As I got older, I began to truly see that life was complex with so many different angles. I knew that my positions were just positions among positions. As people die around you, you get a taste for the transience of all things. But how to express that? How to speak within the flow of time, without certainty and yet without a lack of certainty: I feel this now and know it will give way? How to speak with, from, and as a position that is always already just another position and yet one that is thoroughly, passionately felt without becoming doctrine?

This is an ongoing exploration, an experiment. I keep looking for a discourse I can wear, a discourse that suits me, as it were. And, perhaps unsurprisingly, I've found a promising discourse in stand up comedy and, specifically, in Jerry Seinfeld's persona in "Comedians Getting Coffee in Cars." Stand ups know to take nothing seriously and yet they hold forth with utter abandon. Seinfeld, not the most interesting comic, has emerged with one of the more compelling, inviting, and wise discourses I've happened upon. Like us all, he is in search of a discourse that suits his comportment. This Seinfeld bit, on daytime television, inspires me: it's at once sure and detached. It's a complex ethical stance that claims his position in time towards others, at once sure and slight. What better position is there?


Language is inherently social. We can't control it; it has a will of its own, a will that is collective and ever moving. To speak is to join a conversation always already in session. And that means we're always positioned. Which means we're always looking for a position that suits us, that is flexible, that lets us be funny, smart, ironic, particular, general, smart, interesting. These positions are not easily come by!

Goth, punk, Neo-Nazi, libertarian, NY Jewish Liberal, tech douche: these are positions afforded us by public discourse. Of course, we slip into these positions and reshape from within, an inevitable process of life. But the terms of the discourse are strong; they are apparati for energy expression, affect engines. This is to say, they are modes of expression as much as they are expressions of belief. A kid who gives a Nazi salute wants to feel empowered, different, enraged.

I am not dismissing the content of that Nazi salute. I am introducing the performance of the salute as an essential component of the expression. When I hear about white supremacist marches, this is my first thought — not that these people are Nazis that need to be killed but that they are angry and in search of a discourse that suits them so why not Nazism? And then rather than combat them on the level of content, I seek to approach them as I'd approach any angry, resentful person who just wants to say: Yes! I'm passionate and different and I matter, damnit! (Mind you, this might involve a baseball bat.)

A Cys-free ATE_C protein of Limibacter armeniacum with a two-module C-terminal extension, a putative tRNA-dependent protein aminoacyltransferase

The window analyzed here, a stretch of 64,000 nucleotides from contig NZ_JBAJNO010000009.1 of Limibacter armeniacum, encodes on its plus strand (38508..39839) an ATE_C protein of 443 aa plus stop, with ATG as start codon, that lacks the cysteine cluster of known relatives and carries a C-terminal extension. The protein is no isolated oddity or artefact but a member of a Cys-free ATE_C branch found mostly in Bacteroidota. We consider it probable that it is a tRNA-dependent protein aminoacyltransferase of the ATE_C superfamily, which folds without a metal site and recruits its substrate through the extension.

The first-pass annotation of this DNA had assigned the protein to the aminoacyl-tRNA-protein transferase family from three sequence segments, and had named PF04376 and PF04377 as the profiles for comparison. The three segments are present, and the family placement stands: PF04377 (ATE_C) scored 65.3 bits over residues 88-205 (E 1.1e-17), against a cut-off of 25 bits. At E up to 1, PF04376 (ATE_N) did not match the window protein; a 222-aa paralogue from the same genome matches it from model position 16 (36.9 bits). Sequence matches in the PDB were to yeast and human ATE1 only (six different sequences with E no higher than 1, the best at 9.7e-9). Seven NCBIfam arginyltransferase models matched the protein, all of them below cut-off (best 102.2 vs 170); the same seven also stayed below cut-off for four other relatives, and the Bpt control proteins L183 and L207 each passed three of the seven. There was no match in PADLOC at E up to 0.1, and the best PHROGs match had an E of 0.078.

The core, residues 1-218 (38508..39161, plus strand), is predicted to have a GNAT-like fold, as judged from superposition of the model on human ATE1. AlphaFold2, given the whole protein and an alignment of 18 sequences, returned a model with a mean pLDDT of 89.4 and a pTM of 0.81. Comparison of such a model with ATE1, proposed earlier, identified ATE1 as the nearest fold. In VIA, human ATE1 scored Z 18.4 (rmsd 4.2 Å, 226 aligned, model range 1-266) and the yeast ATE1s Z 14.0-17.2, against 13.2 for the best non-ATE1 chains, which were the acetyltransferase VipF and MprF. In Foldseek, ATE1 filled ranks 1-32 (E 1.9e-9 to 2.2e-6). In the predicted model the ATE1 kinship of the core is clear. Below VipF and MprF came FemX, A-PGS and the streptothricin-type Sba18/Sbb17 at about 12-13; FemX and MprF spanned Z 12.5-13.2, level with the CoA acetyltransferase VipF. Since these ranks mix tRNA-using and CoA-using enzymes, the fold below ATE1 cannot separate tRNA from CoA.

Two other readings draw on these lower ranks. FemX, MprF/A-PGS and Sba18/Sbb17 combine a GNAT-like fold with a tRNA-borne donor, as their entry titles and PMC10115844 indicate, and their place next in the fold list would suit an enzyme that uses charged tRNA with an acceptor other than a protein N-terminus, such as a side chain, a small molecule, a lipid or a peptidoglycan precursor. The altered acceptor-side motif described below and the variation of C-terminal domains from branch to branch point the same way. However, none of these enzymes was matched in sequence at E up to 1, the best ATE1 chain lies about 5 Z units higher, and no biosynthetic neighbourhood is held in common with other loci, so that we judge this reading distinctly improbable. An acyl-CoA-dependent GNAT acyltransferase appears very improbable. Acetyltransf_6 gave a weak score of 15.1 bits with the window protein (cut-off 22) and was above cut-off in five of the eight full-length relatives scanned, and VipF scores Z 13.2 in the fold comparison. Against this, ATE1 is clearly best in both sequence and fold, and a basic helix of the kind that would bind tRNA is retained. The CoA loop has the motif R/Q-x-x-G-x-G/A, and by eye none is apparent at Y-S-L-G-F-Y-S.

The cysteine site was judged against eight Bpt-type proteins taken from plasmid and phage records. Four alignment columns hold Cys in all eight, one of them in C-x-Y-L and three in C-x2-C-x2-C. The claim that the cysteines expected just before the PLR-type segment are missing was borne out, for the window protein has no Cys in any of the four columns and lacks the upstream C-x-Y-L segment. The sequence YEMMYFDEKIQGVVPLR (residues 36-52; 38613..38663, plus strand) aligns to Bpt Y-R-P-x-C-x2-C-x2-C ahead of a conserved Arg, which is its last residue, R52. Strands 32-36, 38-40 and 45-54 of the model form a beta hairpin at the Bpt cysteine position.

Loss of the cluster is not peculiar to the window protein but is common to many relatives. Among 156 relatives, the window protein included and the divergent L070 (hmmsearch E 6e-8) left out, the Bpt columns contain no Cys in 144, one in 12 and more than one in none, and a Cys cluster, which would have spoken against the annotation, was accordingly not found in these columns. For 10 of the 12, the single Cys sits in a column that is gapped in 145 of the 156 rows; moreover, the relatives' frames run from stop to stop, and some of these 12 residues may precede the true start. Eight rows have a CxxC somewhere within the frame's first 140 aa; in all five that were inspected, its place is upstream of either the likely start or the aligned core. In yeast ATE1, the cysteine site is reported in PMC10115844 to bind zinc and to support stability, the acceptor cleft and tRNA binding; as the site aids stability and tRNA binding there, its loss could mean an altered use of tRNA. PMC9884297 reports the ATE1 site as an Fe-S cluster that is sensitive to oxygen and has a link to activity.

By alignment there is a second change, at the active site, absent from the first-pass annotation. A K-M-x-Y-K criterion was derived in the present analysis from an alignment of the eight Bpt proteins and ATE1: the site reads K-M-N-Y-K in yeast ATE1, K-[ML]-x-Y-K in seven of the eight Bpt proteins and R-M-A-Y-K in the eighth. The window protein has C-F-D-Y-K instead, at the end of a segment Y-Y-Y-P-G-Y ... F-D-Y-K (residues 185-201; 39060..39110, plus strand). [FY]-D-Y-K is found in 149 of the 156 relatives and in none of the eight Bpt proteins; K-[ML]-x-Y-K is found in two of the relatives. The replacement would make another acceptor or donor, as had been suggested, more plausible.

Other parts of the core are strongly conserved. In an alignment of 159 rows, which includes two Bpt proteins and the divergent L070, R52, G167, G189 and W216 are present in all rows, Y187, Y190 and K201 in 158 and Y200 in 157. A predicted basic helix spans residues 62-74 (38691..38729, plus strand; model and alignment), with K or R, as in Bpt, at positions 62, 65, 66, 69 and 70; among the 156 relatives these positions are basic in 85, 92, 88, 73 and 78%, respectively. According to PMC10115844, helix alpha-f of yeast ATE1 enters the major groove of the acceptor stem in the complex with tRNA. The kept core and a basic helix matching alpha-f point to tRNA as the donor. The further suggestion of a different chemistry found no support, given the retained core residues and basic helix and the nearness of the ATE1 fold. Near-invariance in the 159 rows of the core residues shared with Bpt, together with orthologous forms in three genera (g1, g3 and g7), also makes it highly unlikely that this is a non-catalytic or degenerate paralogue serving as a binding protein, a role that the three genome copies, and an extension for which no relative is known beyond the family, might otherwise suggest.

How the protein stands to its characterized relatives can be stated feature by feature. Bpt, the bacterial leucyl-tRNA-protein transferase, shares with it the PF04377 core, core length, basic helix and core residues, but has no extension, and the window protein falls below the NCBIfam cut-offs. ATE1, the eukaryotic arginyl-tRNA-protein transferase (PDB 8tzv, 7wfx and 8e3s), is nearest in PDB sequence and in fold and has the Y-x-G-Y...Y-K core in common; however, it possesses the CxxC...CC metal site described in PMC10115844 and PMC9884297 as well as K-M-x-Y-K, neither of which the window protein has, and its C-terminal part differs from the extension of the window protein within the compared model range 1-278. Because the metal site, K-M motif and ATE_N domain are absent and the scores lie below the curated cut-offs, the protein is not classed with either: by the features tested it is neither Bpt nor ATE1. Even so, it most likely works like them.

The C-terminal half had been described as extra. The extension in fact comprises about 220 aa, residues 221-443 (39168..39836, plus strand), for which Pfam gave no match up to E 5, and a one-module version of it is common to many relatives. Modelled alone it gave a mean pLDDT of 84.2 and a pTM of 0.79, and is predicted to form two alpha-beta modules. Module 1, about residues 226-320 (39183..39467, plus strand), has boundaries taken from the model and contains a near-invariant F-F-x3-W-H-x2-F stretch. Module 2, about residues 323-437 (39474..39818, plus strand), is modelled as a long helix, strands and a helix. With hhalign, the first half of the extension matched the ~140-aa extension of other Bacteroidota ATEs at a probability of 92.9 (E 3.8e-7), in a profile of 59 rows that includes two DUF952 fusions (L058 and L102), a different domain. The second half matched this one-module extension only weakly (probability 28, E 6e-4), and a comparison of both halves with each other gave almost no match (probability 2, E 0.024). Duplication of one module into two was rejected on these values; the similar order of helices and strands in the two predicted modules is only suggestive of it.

Discourse is the terms of social exchange that exceed us, taking us up, positioning us — and giving us modes of affective energetic release. We slip into it on its terms and assume our position so that others can recognize us in a way that, hopefully, feels good and right. This is all too apparent on dating sites. Oh, she's just another feel good hippy liberal. She's a Marina girl. (an SF reference but substitute any city neighborhood: She's so Upper West Side), She's a Burner! Frankly, I can't imagine what they used to think and say about me... (I have been mercifully liberated from that world).

Social life is a play of cliché and emergence, a relentless intermingling of generality and particularity, of assumptive proscriptions and real complexity. We are all endlessly seeking a discourse we can wear with grace. Yes, the things we say matter. But everything we say happens as an expression that is always situated within a more general discourse of how we assume people talk and interact. How we can say this or that is as important as what we can say. We all just want to drape ourselves in a discourse that suits us.

3 comments:

what the Tee Vee taught said...

Yeah this is a good one. The early bit about your sophomore year abatement, that bizarre easing... gave me a rush of Nicholson Baker's Changes of Mind (which you turned me on to, thanks bub), the bit towards the end, when he notes the weird pull of a position, an idea, which has been defended, perhaps, just one time too many. And the defense relents.

Daniel Coffeen said...

Always a pleasure to see you here....when I started writing this, I wasn't sure where it was going. And, as I found myself amidst it, I felt Nicholson Baker breathing on my neck. That essay remains one of the best arguments about the nature of arguments.

Mark Crawford said...

Parts of this post took me right back to Aphorism 31 in Nietzsche's Beyond Good and Evil. Brilliant.